4. Examine how data illustrates the survivor’s journey. For instance, a victim may try to call a helpline. Try to find how many calls are recorded, said Troboukis. Additionally, a woman may file a complaint, so analyzing the number of complaints and the types of violence reported can illustrate how many of these actually result in an arrest and convictions.
  5. Other questions to think about: Does your country recognize intimate partner violence? What are existing laws that frame violence against women? What is the age of the victims? What is the sex of the victims?

In the case of South Africa, the absence of data on femicide was the first obstacle Laura Grant and her team at the Media Hack Collective encountered; crime data released annually counts only the number of murders, without a breakdown into men and women.

A South African Police Service (SAPS) PowerPoint presentation based on 2019-20 crime data did include information on the relationship between victim and killer, but this was known in only about one of five murder cases — for both men and women victims — that year.

To fill in the gaps and tell some of these stories, Grant’s team compiled news reports about women being killed, and created an interactive map of where the killings occurred — but even some news articles lacked information about the victims and their causes of death. Those missing details, Grant explained, were the reason they decided to title their data investigation #SayHerName: The Faces of South Africa’s Femicide Epidemic. (Further details on their methodology for researching news stories are available here.)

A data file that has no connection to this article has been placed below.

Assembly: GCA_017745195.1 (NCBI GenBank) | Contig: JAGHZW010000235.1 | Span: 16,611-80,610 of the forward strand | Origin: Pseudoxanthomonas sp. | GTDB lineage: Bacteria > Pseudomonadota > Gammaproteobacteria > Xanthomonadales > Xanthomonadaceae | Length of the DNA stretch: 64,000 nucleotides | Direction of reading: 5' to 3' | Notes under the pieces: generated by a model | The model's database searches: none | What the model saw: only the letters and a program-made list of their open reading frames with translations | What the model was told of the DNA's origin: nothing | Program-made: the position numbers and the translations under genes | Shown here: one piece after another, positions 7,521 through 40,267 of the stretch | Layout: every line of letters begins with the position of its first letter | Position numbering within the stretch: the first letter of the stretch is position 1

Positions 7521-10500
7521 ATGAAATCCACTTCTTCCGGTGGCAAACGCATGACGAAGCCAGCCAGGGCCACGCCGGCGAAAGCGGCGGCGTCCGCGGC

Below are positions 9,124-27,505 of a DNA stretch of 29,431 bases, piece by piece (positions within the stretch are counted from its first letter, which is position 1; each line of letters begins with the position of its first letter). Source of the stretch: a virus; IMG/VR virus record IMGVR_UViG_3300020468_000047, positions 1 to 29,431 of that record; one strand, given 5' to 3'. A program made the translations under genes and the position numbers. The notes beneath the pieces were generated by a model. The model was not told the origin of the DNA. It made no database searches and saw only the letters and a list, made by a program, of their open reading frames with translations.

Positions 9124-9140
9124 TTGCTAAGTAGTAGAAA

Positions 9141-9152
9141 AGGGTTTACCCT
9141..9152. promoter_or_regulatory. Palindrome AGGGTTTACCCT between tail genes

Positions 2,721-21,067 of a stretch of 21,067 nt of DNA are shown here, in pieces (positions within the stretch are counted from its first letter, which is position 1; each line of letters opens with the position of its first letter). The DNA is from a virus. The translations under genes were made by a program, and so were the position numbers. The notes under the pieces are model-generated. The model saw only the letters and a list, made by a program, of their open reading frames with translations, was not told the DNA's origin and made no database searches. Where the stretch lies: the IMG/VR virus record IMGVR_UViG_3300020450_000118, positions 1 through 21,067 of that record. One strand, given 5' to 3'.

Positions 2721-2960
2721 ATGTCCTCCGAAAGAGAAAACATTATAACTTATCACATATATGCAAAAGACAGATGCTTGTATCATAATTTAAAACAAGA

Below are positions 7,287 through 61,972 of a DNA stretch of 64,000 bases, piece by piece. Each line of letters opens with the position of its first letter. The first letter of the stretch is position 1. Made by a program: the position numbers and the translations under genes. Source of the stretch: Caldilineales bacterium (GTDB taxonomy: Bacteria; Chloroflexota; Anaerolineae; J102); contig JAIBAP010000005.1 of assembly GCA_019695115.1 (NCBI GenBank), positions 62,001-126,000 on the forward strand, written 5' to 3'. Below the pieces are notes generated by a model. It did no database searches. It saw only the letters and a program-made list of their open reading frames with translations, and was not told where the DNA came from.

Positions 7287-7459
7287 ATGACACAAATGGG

According to the SAPS data cited in their investigation, between 2015 and 2020 a total of 13,815 women were murdered — or about seven women each day. Looking at news reports from January 2018 to October 2020, Grant explained, they found that from the number of women 18 and older who were killed in that time period, only a small fraction of cases had been featured on national or local news.

“Media stories [about femicide] are often about young, pretty women, or celebrities. The details are salacious or gruesome,” said Grant, who added that most of the stories that are eventually made public come out during commemorative days calling for an end to violence against women.

“There are a whole lot of stories of women that aren’t told. And the fact that these stories aren’t told is just as important,” Grant added.